accreditations, the RO can continue to run smoothly alongside
the new scheme. It includes proposals to ensure existing generators
accredited under the RO are confident that it will continue to
function until its end date of 2037.
Owing to the length of time the RO has been running
there are a number of lessons which have been learned about how
the renewables market works which will be transferable to the
new scheme. These include issues around bioenergy sustainability
and the interaction with other support schemes among others.
9. Will a carbon floor price be feasible in
the context of EMR and at what level should it be set?
To enable a secure low-carbon transition in the UK
power sector, the Government believes there is a strong rationale
to provide greater certainty and support to the effective carbon
price faced by the sector. Introducing a carbon price support
mechanism could help the UK to meet its decarbonisation objectives,
as part of a wider package of reforms.
The carbon price support commitment is being considered
as part of an HM Treasury and HMRC-led proposal to reform the
climate change levy (and fuel duty) and is the subject of a separate
As a tax matter, and in line with previous public
statements, decisions on the carbon price support mechanism will
be taken at Budget 2011.
10. What effects will EMR have on the development
of capacity for electricity storage and the development of interconnectors
between the UK and other electricity markets?
Currently the GB market is primarily dependent on
fossil fuel generation to provide the flexibility to respond to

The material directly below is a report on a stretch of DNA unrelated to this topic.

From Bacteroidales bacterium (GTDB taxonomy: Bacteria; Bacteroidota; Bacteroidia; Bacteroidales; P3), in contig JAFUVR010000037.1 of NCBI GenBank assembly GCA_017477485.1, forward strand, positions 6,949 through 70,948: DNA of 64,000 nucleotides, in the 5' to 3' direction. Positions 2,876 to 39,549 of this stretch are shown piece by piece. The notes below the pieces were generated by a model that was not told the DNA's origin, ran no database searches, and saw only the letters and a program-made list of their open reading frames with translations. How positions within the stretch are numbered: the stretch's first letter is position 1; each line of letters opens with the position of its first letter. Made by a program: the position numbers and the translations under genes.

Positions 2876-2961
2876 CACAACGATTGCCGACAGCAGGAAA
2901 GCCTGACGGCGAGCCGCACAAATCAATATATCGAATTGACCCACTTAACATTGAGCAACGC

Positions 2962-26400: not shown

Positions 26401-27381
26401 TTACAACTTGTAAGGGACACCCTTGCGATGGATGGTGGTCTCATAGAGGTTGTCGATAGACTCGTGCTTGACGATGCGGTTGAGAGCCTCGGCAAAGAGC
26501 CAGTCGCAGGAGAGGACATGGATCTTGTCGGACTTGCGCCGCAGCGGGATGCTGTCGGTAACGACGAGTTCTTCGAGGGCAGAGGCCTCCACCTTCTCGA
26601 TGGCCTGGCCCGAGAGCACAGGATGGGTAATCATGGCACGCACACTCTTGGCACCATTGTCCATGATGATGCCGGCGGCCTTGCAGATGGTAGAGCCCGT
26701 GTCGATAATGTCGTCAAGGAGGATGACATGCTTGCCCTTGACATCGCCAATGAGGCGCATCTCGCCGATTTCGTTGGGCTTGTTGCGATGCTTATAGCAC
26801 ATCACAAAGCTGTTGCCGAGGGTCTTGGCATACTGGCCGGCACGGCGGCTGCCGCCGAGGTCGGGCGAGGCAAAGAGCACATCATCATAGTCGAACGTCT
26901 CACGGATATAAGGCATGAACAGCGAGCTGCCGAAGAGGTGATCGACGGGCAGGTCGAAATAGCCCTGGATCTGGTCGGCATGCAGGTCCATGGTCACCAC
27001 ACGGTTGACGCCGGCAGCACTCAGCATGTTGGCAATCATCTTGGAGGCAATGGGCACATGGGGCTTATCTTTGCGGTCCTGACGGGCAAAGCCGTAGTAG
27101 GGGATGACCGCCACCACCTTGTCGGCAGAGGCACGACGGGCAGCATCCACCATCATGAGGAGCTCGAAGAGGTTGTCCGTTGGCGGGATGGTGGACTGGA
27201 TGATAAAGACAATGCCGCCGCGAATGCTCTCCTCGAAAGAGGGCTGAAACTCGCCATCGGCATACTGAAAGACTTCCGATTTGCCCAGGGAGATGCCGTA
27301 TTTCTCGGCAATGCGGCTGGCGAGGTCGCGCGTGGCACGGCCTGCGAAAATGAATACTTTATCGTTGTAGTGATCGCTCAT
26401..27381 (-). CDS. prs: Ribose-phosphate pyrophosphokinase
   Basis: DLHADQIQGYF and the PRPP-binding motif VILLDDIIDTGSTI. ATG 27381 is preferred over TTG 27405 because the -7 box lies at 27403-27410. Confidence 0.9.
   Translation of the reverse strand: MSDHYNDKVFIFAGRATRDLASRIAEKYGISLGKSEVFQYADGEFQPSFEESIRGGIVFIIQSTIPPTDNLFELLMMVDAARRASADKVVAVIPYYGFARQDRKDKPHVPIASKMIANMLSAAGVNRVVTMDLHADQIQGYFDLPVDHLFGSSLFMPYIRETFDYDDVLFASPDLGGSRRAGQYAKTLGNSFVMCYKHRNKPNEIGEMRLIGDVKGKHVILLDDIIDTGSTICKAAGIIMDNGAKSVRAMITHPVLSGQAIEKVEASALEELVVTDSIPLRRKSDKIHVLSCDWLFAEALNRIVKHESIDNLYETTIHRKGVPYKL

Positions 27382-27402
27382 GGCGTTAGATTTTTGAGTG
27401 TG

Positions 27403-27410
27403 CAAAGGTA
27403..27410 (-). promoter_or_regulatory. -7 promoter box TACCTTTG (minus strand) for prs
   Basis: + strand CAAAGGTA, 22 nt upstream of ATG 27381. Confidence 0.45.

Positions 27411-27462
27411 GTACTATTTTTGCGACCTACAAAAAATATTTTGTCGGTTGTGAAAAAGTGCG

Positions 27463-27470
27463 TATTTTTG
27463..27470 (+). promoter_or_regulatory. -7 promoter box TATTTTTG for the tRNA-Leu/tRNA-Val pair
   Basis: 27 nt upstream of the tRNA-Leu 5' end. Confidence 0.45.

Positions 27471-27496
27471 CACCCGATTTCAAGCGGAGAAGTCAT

changes in demand or supply.
Technologies such as storage, interconnection and,
in addition, demand side response, offer the opportunity to have
a greater diversity of technologies, which should help achieve
EMR aims of improving security of supply as well as reducing emissions.
As with generation investments, investments in storage
are made on commercial terms. Reform of the cash out price will
improve the economic case for storage, by making the costs of
imbalance higher and more cost reflective. Greater penetration
of low short run marginal cost plant on the system will drive
low prices at times of low demand. This should make storage a
more attractive investment, because it increases the opportunity
for arbitrage between periods of high and low demand. Another
factor in the development of storage is the technological readiness
of storage technologies (today, the only market-ready technology
available for large-scale deployment is pumped storage).
Going forward as technologies mature, the costs will reduce, making
them more economic and lower risk.
The GB electricity system is currently relatively
unconnected to the electricity systems of other countries.
Under the current arrangements, investments in interconnection
are made on commercial terms, ie where developers identify an
opportunity for arbitrage between markets then such investments
take place. However, the nature of the investments make them high
risk. As a response, Ofgem is developing a new regulated approach
to interconnector investment which will be consulted on early
in 2011. There is widespread industry support for Ofgem's consultation.
1 There is currently approximately 3GW of pumped storage
in GB, a significant proportion of which is used by National Grid
to fine tune the system in the balancing mechanism. Back
There is currently about 2.5GW of interconnection capacity in
the GB system, with links to the French and Irish markets. Back